The Guardian • Issue #2030

First national industrial action in retail

RAFFWU members strike at Apple

The Brisbane strike.

Members of the Retail and Fast Food Workers Union (RAFFWU) went on strike in the first nationally co-ordinated industrial action in retail in Australian history.

Up to 150 RAFFWU members in Apple stores around the country stopped work for an hour on Tuesday 18th October as part of an on-going enterprise bargaining agreement negotiation.

Union members in Newcastle and Brisbane held rallies, where RAFFWU delegates addressed crowds of unionists and supporters. Speakers demanded action and spoke of the stress caused by issues such as union busting and unfair rostering.

Apple workers are fighting for safety policies covering bullying, workplace harassment, and discrimination; job security rights including set rosters for part time employees; fair leave provisions; and living wages.

Staff at Apple are treated as casuals, required to be available seven days a week and denied set rosters. Disgracefully, Apple also pays less than minimum Award wages through a rotten enterprise agreement that doesn’t pay any casual loading.

In addition to work stoppages, RAFFWU members have begun imposing more than a dozen work bans from Wednesday, including refusing to accept deliveries, sell certain items, or repair certain items.

Shamefully, Apple has engaged in a vicious union-busting campaign, removing flyers created by staff with information about the campaign, as well as claiming that some workers’ industrial action is unprotected and threatening to unlawfully cut wages.

This comes after Apple has repeatedly refused to treat workers with respect, negotiate with unions, and present a fair offer.

“Apple has refused to bargain in good faith, hardly budging from a wage-cutting substandard deal which pays less than the [minimum wage], without set rosters, and without any work-life balance,” RAFFWU secretary Josh Cullinan said.

“Despite eighteen meetings across ten weeks, Apple refuses to guarantee minimum conditions – let alone a fair agreement with living wages and secure rosters. Apple workers have been left with no choice but to take serious action – strikes and bans in pursuit of the agreement they deserve,” the Union said.

Yet, Apple has doubled down, and announced it will move to a worker vote on a non-union wage cutting deal on 28th October.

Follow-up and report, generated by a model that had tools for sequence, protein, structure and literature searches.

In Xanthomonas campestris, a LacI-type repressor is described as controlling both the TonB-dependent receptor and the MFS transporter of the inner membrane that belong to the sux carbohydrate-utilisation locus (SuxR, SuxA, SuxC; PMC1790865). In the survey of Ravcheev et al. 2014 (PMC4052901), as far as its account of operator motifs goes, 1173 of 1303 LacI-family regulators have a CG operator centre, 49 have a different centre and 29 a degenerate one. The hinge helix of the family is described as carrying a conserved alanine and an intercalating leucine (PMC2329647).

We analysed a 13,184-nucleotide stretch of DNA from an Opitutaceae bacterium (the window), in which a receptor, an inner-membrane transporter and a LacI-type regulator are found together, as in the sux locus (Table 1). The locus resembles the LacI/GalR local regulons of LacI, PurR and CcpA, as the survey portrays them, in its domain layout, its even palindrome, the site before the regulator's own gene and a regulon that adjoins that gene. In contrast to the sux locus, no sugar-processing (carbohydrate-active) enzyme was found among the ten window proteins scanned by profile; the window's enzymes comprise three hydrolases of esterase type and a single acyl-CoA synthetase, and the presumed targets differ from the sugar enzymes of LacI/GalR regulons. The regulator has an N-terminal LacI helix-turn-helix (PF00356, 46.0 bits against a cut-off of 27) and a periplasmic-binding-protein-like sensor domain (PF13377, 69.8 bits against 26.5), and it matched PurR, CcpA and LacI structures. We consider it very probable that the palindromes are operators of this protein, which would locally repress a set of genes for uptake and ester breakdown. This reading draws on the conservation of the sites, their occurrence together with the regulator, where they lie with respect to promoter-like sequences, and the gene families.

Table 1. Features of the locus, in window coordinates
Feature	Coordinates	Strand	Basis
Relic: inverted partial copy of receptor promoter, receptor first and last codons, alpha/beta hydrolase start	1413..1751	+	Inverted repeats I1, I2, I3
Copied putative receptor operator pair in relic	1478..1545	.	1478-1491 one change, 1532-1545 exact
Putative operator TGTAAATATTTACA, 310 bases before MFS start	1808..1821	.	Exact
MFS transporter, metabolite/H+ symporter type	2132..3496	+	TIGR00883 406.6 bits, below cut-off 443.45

In response, RAFFWU members went on strike for twenty-four hours on Saturday 22nd October. The Union is encouraging all workers to vote no to the sub-standard deal, join RAFFWU, appoint RAFFWU as your bargaining representative, and participate in protected industrial action.

The Australian Apple strikes are a significant escalation in the international unionisation drive at Apple, with workers around the world fighting for fair pay and conditions amid a global cost of living crisis.

This June, Apple workers in Baltimore voted to become the first unionised Apple store in the US. More recently, workers at a store in Oklahoma City voted to become the second. Staff at Apple Glasgow are set to become the UK’s first, having filed for Voluntary Union Recognition in June after joining Scotland’s general workers union.

With a market cap of 2.31 trillion USD, Apple is the world’s most valuable company. In Australia, Apple employs 4,000 retail staff. It is a disgrace that such a large and rich company is able to treat its workers so poorly while raking in record profits.

The first case of nationally co-ordinated industrial action in retail in Australian history is an incredibly important milestone.

RAFFWU, and most importantly the delegates and members at Apple, should be proud of the incredible work that they’ve achieved.

During a global low-wages crisis, they’ve shown workers not just in Australia, but around the world, that we don’t have to just accept what large transnational corporations give us.

Through united struggle and industrial action, workers can challenge employers and win the rights and conditions we deserve.

The Communist Party of Australia encourages all who are financially able to support striking Apple workers to do so by donating to the RAFFWU Welfare Support Fund for Apple Workers.

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